Editor’s Note: The following is the first in a series of stories about businesses in Livingston Parish and their status.
DENHAM SPRINGS — A drive down Range Avenue in Denham Springs would normally provide consumers with access to stores and shops offering almost any product or service they could want or need.
But that was before the Great Flood of 2016. Now, the vast majority of the businesses are shuttered, closed since mid-August when their buildings flooded.
Probably as many as 80 percent of the business establishments on Range Avenue remain closed, but some business owners – some lucky, some industrious – have reopened and are serving customers.
The southern portion of Range Avenue near its intersection with Interstate 12 took on the highest levels of flood waters and almost all of the businesses in that area remain closed - the McDonald’s, the Burger King, two of the convenience stores and all of the shopping center at Range where it intersects Rushing Road are closed.
Only the pharmacy at Rite Aid is open, although there are signs of some businesses working to reopen. Representatives of the chain stores all along Range Avenue did not return phone calls made to their offices late last week.
The Super Stop convenience store was an exception to the rule in the area, as was the Waffle House restaurant. There was no one at the restaurant authorized to speak to the media but the son of the owner of the convenience store explained what they had to do to get open again.
“We put at least three weeks of hard work into it,” said Sam Alkilini Jr. Flood water in the store was several feet deep and it was three days after the flood began Aug. 12 before Alkilini, his father and employees could reach the store.
The store reopened almost three weeks ago and is open from 6 a.m. to midnight, now that the curfew has been lifted. The store’s Chevron gas pumps, though, remain inoperative, Alkilini said, while his father waits for a determination on whether they were infiltrated by flood water.
Not far from the store is Performance Tires, which was reopened just eight days after the flooding began.
“We took on four and a half to five feet of water in some places,” said owner and CEO Tim Whittingston. “The whole flood was definitely a tragedy, that’s for sure.”
“We gutted the place as soon as we were allowed to come back in, pressure washed and cleaned it,” he said, with the help of a crew of dedicated employees. “It was inspiring.”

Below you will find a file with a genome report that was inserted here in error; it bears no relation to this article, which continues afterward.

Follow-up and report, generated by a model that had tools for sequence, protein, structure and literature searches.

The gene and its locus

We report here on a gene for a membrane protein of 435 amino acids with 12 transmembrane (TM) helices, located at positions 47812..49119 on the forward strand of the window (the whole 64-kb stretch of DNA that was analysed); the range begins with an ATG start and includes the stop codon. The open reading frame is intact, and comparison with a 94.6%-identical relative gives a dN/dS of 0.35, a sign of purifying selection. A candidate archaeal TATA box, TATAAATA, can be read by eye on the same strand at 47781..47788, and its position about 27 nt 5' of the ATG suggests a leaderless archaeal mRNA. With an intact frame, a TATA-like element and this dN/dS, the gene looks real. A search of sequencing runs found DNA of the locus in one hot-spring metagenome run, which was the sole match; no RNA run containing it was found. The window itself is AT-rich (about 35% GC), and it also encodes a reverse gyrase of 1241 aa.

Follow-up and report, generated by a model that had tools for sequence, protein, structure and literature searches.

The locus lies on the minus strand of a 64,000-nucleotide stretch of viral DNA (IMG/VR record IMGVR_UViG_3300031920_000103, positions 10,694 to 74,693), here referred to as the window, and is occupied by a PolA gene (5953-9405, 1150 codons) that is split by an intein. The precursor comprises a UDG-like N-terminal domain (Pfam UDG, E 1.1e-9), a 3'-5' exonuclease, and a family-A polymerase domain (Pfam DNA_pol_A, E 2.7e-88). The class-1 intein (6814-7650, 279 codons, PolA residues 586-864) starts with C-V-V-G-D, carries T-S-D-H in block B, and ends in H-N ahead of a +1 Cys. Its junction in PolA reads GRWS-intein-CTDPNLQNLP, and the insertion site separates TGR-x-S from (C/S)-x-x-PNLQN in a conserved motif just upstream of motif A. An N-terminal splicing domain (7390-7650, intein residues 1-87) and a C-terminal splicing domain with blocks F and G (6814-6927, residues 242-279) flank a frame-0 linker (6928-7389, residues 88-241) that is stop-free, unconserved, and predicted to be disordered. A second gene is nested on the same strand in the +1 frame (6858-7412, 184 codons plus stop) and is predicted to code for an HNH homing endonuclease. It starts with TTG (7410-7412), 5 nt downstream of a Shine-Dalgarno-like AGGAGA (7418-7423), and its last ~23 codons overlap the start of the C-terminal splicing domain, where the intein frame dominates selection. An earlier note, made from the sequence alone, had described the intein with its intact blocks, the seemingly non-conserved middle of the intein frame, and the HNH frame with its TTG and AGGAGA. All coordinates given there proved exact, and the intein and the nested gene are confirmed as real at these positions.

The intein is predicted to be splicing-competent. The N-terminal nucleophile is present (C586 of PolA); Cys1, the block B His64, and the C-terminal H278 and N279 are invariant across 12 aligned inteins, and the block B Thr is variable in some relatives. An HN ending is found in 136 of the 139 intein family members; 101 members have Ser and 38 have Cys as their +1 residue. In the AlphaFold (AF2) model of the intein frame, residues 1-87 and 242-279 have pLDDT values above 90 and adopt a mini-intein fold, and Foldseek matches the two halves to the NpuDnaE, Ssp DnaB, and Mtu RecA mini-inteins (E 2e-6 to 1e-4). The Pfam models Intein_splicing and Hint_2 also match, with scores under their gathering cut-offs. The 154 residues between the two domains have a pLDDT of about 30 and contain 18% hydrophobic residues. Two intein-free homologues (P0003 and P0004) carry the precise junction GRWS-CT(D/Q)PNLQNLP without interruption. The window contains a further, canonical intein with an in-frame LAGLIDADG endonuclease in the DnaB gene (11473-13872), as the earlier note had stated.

Whittington said they were grilling and serving free hamburgers for the first few days after the shop reopened and were repairing tires that had picked up nails from the debris for at least a week after.
Businesses on the north end of Range, beginning at Florida Avenue, were less likely to have been affected by the flood. Some did not take on any water at all while others worked hard and quickly to recover from the damage done by the flood.
The Shoe Department, for example, was only closed while the water was up, said a member of management who asked to remain anonymous.
“We closed because none of our employees could get to the store, either because of the high water or because they were dealing with flooding at their own homes,” she said, adding the store was fortunate in regard to the Great Flood.
“We did not get any water in the store from the flood at all,” she said. “We opened back up on the 17th and we’ve been rolling since then.”
Bedding Plus, across the street from the shoe store and on the same higher elevation than the southern end of Range Avenue, also did not flood, said manager Louis Chevolleau.
“All of the businesses at this intersection (near Range and Florida) got no water because of how high this area is,” he said. “We got absolutely no water.”
There was water on the parking lot of the mattress store, Chevolleau said, enough for rescuers in boats to use it as a launch site. When he returned to check on the business when the water receded, he said there were three boats still sitting in his parking lot.
With so many people losing so much to floodwater, Bedding Plus has seen a surge in business, Chevelleau said.
“People are starting to get their money from FEMA and their insurance so business is picking up because of that,” he said. Chevelleau added that at the rate sales have been going so far this month, September’s sales will likely be four times higher than an average month.
Manager Chris Ferdinand at the AT&T Store said the business was flooded with about three feet of water in mid-August, but the company wasted no time getting the store cleaned and repaired and reopened Sept. 12, a month after the Great Flood demolished the city’s business district.
Discount Muffler owner Brian Walls, one of the industrious business owners along Range Avenue, said his business was flooded to just over four feet, “right at 50 inches,” he said, pointing at a water line at the back of the shop.
“We didn’t do so well,” Walls said, adding his sales room was hit hard and so was the shop, the floodwater destroying all of his inventory.
He said the flood left him with little alternative but to “buy new equipment and inventory then remodel and fix the shop” with the help of his crew.
“Business has been okay since we opened back up,” Walls said. “I didn’t think we would have as much business as we have but it’s been much better than I expected.”